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Computer Models of Tornadoes Suggest Safer Areas for Construction

Computer Models of Tornadoes Suggest Safer Areas for Construction
Tornado Hill Interaction

Tornado velocities are reduced when a hill disrupts the tornado vortex under certain conditions.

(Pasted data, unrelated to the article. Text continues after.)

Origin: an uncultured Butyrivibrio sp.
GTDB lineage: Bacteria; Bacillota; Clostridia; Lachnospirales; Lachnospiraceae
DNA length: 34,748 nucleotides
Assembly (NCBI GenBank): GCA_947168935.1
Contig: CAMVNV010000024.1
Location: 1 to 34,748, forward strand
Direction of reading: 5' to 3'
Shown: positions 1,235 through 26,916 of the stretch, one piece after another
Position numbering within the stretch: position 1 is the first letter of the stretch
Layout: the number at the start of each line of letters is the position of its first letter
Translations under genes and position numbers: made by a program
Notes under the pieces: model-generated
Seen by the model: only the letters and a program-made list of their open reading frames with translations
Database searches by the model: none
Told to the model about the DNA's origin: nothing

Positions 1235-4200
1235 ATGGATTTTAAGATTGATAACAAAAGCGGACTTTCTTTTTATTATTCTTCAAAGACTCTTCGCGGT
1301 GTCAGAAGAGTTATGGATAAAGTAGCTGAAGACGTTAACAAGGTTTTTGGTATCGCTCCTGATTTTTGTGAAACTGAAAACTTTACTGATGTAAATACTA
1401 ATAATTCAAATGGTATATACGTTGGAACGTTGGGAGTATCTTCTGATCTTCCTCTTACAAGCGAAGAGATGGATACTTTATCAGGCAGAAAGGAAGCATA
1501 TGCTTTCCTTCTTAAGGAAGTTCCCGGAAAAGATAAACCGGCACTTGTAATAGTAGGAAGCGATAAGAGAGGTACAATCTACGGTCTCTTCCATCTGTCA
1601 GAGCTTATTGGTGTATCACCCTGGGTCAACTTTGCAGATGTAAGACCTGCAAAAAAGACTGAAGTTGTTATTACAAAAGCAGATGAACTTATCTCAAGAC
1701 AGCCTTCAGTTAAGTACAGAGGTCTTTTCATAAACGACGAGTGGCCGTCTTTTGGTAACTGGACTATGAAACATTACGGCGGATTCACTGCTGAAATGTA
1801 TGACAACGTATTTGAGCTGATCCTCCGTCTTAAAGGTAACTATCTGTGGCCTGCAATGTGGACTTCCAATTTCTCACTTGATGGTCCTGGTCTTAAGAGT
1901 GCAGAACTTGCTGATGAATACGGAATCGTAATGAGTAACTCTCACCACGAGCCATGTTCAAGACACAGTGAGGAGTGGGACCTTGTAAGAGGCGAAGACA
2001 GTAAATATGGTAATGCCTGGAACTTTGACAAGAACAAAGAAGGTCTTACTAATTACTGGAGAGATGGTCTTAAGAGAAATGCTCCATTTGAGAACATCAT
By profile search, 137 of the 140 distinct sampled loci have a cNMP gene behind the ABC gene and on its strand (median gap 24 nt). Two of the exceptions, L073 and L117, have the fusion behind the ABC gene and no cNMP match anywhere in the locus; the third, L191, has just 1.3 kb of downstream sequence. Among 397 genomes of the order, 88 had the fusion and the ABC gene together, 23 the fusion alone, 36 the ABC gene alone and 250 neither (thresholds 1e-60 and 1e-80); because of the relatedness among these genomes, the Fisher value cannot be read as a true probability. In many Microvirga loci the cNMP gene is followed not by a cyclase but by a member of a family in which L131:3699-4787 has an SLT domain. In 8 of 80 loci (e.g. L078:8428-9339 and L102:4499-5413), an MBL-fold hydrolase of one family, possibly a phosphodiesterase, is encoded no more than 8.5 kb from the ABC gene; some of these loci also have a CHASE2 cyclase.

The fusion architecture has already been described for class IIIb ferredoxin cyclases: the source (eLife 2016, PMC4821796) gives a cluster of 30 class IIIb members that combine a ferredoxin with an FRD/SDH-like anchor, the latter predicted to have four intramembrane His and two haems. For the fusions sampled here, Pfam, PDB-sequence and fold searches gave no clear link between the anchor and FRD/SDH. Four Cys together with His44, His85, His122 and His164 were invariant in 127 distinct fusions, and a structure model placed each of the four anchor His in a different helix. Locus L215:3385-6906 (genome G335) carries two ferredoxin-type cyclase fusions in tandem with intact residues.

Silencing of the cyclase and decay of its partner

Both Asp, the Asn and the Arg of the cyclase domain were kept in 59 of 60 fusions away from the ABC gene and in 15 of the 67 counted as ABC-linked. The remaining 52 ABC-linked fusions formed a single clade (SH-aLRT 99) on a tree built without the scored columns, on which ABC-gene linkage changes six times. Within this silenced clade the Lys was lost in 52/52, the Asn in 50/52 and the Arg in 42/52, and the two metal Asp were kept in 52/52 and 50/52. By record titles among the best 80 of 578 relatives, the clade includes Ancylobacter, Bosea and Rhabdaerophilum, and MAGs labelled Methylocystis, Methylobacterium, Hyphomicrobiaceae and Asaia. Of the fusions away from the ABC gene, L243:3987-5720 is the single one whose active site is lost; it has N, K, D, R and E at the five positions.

Using 3-D computer models, civil engineering professor Panneer Selvam and graduate student Piotr Gorecki have demonstrated the influence of hills on tornadoes. Their models revealed that the height of a hill and the size of a tornado’s vortex have a significant effect on the tornado’s destructive power. The findings could be used to identify safer areas for construction. “A preliminary observation from this study indicates that there is a region behind a hill where velocities are reduced due to disruption of the tornado vortex,” Selvam said.  “Of course, this disruption depends on the height of the hill, as well as tornado size and velocity.” The researchers found that lower levels of a tornado’s vortex are significantly disrupted if the height of a hill is equal to or greater than the radius of the vortex. The models also confirmed an important finding from a previous field study – that wind velocities are significantly reduced on the leeward side of hills. In this region, the researchers found, wind speeds were reduced by at least 41 percent compared to the maximum tornado velocity, the speed at which it was traveling when it hit the hill. Selvam is holder of the James T. Womble Professorship in Computational Mechanics and Nanotechnology Modeling. He directs the university’s Computational Mechanics Laboratory.

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